A recent tragedy, which has rocked the small town of Harrisonville, Missouri, is a stark reminder of the dangers of texting and driving.
MSNewsNow reported that Missouri teen Savannah Nash was killed in an accident involving a semi truck on May 16. According to the Missouri Highway Patrol, she was texting at the time of the crash. Police found a long text, unsent, on her phone at the scene.
Nash had just turned 16 a week prior to the fatal accident and had only had her intermediate driver’s license a few days. (Missouri is one state that uses a graduated licensing program. Nash’s license, one step above a learner’s permit, allowed her to drive with certain restrictions.) This was her first drive alone: she was going to the grocery store to pick up a few things for her family.
The accident happened not far from Nash’s house. According to police, the crash occurred at Highway 7 and Walker Road. Missouri’s crash log reports that Savannah failed to yield the right of way at this intersection. She drove in front of an oncoming semi, which could not avoid her car. The driver of the semi was unhurt.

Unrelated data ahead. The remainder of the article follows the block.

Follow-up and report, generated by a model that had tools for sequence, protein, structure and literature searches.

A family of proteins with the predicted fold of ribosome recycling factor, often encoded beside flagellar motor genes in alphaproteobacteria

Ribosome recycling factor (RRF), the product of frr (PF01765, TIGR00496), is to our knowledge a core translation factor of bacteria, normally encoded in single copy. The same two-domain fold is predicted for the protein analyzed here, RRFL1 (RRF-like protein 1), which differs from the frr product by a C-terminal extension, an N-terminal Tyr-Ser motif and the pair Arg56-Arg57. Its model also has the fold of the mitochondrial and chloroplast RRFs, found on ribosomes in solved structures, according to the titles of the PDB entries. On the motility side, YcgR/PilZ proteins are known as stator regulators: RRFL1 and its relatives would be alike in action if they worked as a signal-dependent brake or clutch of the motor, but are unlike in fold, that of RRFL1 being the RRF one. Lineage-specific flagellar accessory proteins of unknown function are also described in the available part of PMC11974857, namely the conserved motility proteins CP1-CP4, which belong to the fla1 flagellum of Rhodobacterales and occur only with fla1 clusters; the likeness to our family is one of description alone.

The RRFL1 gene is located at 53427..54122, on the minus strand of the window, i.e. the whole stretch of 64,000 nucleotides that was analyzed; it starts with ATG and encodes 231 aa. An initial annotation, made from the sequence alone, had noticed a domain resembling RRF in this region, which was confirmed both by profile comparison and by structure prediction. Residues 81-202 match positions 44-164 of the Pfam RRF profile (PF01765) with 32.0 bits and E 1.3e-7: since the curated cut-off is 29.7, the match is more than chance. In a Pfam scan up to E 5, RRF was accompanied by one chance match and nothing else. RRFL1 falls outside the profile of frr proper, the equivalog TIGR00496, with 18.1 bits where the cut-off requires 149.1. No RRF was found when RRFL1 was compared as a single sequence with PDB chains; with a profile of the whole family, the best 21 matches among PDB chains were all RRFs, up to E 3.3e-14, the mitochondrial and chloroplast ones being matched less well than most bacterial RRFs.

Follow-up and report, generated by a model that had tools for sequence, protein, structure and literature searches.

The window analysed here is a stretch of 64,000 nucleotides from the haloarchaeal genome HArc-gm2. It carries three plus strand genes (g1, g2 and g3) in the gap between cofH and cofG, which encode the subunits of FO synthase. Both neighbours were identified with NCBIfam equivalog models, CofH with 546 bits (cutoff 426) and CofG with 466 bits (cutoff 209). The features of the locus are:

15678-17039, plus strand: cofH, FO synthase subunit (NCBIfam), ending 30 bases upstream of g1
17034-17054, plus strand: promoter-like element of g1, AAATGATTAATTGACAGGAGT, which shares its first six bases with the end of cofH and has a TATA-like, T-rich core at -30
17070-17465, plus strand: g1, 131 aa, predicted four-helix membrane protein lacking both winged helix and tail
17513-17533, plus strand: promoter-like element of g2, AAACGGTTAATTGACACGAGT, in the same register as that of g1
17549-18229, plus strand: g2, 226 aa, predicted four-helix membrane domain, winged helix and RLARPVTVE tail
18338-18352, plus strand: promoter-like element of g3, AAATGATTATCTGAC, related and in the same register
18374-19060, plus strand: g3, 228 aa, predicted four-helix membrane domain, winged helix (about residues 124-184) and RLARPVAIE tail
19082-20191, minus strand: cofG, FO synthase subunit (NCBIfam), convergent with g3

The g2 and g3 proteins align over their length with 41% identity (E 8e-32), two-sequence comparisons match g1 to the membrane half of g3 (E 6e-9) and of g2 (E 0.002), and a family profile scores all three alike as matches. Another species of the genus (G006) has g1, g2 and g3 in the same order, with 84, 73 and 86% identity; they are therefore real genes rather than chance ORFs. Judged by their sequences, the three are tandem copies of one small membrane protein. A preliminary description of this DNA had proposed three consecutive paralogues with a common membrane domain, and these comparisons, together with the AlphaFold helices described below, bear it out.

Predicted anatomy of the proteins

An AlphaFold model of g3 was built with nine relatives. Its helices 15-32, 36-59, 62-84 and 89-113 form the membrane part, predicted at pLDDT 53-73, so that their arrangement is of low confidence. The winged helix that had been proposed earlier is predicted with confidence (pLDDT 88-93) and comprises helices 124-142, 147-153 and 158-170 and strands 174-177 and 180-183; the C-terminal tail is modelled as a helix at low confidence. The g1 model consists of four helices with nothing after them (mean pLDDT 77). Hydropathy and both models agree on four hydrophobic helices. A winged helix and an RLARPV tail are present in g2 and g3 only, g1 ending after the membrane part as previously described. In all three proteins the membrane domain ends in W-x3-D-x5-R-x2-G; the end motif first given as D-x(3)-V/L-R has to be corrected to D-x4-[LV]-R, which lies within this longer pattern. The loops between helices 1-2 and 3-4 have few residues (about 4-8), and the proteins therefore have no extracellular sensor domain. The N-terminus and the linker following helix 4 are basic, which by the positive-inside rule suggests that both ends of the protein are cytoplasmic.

Nash’s family, classmates, teachers, and others who knew her are understandably devastated. The school held a memorial in her honor, which was attended by approximately 300.
Harrisonville high school student Matthew Stanwix called the accident “a rude awakening.”
This accident is a terrible tragedy for everyone involved, perhaps most of all because it could have been avoided.
The risk of an accident jumps dramatically when a driver texts behind the wheel: an accident becomes approximately 23 times more likely, according to a study cited by Distraction.gov.
If you have kids, make sure to tell them about the consequences of texting and driving—not only for themselves, but for others as well. And it is crucial that you back up this message with your own behavior: set a good example by putting down your phone when driving. Teens who see their parents engaging in risky driving behaviors are more likely to do so themselves, according to a study discussed in one of our earlier blog posts.
We remind everyone not to text and drive and hope that you have a safe summer.